BACKGROUND - The D1275N SCN5A mutation has been associated with a range of unusual phenotypes, including conduction disease and dilated cardiomyopathy, as well as atrial and ventricular tachyarrhythmias. However, when D1275N is studied in heterologous expression systems, most studies show near-normal sodium channel function. Thus, the relationship of the variant to the clinical phenotypes remains uncertain.
METHODS AND RESULTS - We identified D1275N in a patient with atrial flutter, atrial standstill, conduction disease, and sinus node dysfunction. There was no major difference in biophysical properties between wild-type and D1275N channels expressed in Chinese hamster ovary cells or tsA201 cells in the absence or presence of β1 subunits. To determine D1275N function in vivo, the Scn5a locus was modified to knock out the mouse gene, and the full-length wild-type (H) or D1275N (DN) human SCN5A cDNAs were then inserted at the modified locus by recombinase mediated cassette exchange. Mice carrying the DN allele displayed slow conduction, heart block, atrial fibrillation, ventricular tachycardia, and a dilated cardiomyopathy phenotype, with no significant fibrosis or myocyte disarray on histological examination. The DN allele conferred gene-dose-dependent increases in SCN5A mRNA abundance but reduced sodium channel protein abundance and peak sodium current amplitudes (H/H, 41.0±2.9 pA/pF at -30 mV; DN/H, 19.2±3.1 pA/pF, P<0.001 vs. H/H; DN/DN, 9.3±1.1 pA/pF, P<0.001 versus H/H).
CONCLUSIONS - Although D1275N produces near-normal currents in multiple heterologous expression experiments, our data establish this variant as a pathological mutation that generates conduction slowing, arrhythmias, and a dilated cardiomyopathy phenotype by reducing cardiac sodium current.
BACKGROUND - Atrial fibrillation (AF) is the most common sustained arrhythmia affecting over 700,000 individuals in Japan and 2.2 million in the USA. The proper management of patients with AF is critical due to the well-documented association with heart failure and stroke. A strategy to better define the emergency department (ED) management, admission decisions, and spectrum of risk from low to high is needed.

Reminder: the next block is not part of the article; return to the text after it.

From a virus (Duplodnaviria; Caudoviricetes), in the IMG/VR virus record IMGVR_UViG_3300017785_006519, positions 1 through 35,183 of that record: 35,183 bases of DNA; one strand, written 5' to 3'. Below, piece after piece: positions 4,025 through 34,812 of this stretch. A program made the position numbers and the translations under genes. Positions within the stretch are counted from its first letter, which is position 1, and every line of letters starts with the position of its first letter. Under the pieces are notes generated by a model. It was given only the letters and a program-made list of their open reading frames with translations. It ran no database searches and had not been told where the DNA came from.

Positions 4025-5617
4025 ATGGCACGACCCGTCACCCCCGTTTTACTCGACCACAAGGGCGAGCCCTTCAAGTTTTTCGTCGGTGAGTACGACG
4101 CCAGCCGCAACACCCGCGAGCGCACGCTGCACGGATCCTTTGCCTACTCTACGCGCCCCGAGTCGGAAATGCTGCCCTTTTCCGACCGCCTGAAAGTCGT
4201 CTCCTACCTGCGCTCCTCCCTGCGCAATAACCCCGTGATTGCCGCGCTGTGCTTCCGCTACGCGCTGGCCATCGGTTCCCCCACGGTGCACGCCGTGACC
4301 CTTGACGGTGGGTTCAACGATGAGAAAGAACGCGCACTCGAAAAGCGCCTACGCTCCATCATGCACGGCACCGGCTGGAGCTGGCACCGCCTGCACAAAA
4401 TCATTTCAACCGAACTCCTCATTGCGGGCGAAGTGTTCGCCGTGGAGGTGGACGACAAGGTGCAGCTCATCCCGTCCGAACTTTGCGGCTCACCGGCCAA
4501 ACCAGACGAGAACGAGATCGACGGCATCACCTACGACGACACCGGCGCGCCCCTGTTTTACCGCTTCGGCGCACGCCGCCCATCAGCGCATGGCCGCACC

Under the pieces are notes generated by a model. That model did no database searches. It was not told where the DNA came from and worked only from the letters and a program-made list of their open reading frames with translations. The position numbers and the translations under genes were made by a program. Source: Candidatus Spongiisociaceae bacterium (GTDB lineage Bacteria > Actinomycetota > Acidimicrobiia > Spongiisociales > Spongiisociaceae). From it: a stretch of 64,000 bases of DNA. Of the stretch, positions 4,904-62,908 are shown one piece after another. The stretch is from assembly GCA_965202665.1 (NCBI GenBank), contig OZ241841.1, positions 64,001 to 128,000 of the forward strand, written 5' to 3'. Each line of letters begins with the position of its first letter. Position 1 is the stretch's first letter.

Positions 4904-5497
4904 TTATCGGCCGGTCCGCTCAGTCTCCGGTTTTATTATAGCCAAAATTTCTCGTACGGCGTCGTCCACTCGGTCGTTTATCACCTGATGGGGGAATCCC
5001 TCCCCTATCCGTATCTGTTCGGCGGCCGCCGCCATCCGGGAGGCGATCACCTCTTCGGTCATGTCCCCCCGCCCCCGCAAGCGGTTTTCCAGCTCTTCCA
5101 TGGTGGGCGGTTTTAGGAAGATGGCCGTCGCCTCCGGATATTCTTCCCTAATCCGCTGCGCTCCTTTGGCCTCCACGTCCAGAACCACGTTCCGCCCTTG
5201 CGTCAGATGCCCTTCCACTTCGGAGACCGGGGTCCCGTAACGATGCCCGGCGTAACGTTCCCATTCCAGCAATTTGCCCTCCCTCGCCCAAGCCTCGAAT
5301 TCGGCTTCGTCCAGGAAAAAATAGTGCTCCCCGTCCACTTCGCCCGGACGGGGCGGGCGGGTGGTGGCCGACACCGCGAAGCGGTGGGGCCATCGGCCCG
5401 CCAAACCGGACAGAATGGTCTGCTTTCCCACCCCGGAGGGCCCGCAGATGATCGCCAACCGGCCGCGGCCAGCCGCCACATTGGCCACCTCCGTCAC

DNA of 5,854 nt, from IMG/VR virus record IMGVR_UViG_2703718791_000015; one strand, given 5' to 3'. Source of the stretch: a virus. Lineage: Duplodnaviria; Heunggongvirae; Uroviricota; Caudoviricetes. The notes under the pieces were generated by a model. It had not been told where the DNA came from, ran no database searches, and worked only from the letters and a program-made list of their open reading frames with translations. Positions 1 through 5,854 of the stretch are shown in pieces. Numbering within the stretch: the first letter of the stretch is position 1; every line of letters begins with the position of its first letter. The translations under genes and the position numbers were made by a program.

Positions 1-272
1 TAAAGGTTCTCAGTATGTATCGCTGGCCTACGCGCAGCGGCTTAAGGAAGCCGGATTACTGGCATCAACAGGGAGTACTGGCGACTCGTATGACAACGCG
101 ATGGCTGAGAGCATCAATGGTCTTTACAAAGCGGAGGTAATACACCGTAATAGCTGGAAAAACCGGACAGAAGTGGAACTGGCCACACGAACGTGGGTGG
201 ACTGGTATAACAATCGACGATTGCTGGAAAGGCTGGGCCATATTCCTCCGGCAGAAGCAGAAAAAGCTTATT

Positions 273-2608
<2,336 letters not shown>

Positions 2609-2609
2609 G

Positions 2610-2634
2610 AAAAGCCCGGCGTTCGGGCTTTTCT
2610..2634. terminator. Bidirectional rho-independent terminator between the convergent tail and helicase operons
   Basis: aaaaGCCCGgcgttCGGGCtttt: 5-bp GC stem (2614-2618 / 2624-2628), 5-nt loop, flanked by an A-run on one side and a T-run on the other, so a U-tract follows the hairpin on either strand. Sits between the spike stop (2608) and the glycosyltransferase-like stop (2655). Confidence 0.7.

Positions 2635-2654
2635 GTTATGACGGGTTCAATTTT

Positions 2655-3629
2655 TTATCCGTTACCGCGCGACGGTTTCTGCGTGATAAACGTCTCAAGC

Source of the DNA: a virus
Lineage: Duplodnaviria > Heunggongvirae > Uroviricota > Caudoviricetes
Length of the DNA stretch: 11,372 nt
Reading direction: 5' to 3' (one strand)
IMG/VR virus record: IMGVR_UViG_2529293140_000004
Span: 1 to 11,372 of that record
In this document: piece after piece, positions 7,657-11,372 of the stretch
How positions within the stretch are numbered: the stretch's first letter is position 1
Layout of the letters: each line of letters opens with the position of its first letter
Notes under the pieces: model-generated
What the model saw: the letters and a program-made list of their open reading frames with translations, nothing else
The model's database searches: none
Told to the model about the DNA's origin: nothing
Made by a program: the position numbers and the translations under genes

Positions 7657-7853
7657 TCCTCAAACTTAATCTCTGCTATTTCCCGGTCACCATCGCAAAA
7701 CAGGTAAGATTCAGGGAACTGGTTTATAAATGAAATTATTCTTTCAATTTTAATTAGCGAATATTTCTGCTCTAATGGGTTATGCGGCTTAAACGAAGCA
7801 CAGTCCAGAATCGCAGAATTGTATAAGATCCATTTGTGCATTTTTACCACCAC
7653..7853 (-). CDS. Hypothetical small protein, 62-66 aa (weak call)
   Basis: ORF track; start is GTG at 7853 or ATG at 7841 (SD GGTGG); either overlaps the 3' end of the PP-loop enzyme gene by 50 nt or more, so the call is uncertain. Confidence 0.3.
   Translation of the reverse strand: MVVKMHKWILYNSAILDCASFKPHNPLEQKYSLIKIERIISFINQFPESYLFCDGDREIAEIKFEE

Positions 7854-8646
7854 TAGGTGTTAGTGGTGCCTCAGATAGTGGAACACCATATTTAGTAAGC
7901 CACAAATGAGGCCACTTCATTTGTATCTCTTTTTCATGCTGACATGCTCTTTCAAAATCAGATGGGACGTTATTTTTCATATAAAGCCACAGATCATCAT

METHODS AND SUBJECTS - The atrial fibrillation and flutter outcomes and risk determination investigation is a prospective, observational cohort study to develop a multivariable clinical prediction rule that accurately estimates risk for adverse outcomes in patients presenting to the ED with symptomatic AF. We will enroll 430 patients at 2 sites who present to the ED with symptomatic AF defined as a new or established diagnosis of AF or atrial flutter that require ED evaluation for a complaint thought related to their rhythm disturbance. The study's endpoint is to develop an accurate, objective, internally validated, reliable clinical prediction rule to risk-stratify ED patients presenting with AF exacerbations. The rule will incorporate patient history and examination findings and laboratory studies obtained upon ED presentation, as well as trends over the first 2 h of care. This investigation's primary outcome is the incidence of any AF-related adverse event at 5 days and 30 days. We expect to complete the study by the end of 2014. The study was registered at Clinicaltrials.gov NCT01138644.
Copyright © 2011 Japanese College of Cardiology. Published by Elsevier Ltd. All rights reserved.
BACKGROUND - Atrial fibrillation (AF) is the most common cardiac dysrhythmia and a source of considerable morbidity and mortality, but lifetime risk for AF has not been estimated.
METHODS AND RESULTS - We included all participants in the Framingham Heart Study who were free of AF at index ages of 40 years and older. We estimated lifetime risks for AF (including atrial flutter) to age 95 years, with death free of AF as a competing event. We followed 3999 men and 4726 women from 1968 to 1999 (176 166 person-years); 936 participants had development of AF and 2621 died without prior AF. At age 40 years, lifetime risks for AF were 26.0% (95% CI, 24.0% to 27.0%) for men and 23.0% (21.0% to 24.0%) for women. Lifetime risks did not change substantially with increasing index age despite decreasing remaining years of life because AF incidence rose rapidly with advancing age. At age 80 years, lifetime risks for AF were 22.7% (20.1% to 24.1%) in men and 21.6% (19.3% to 22.7%) in women. In further analyses, counting only those who had development of AF without prior or concurrent congestive heart failure or myocardial infarction, lifetime risks for AF were approximately 16%.
CONCLUSIONS - Lifetime risks for development of AF are 1 in 4 for men and women 40 years of age and older. Lifetime risks for AF are high (1 in 6), even in the absence of antecedent congestive heart failure or myocardial infarction. These substantial lifetime risks underscore the major public health burden posed by AF and the need for further investigation into predisposing conditions, preventive strategies, and more effective therapies.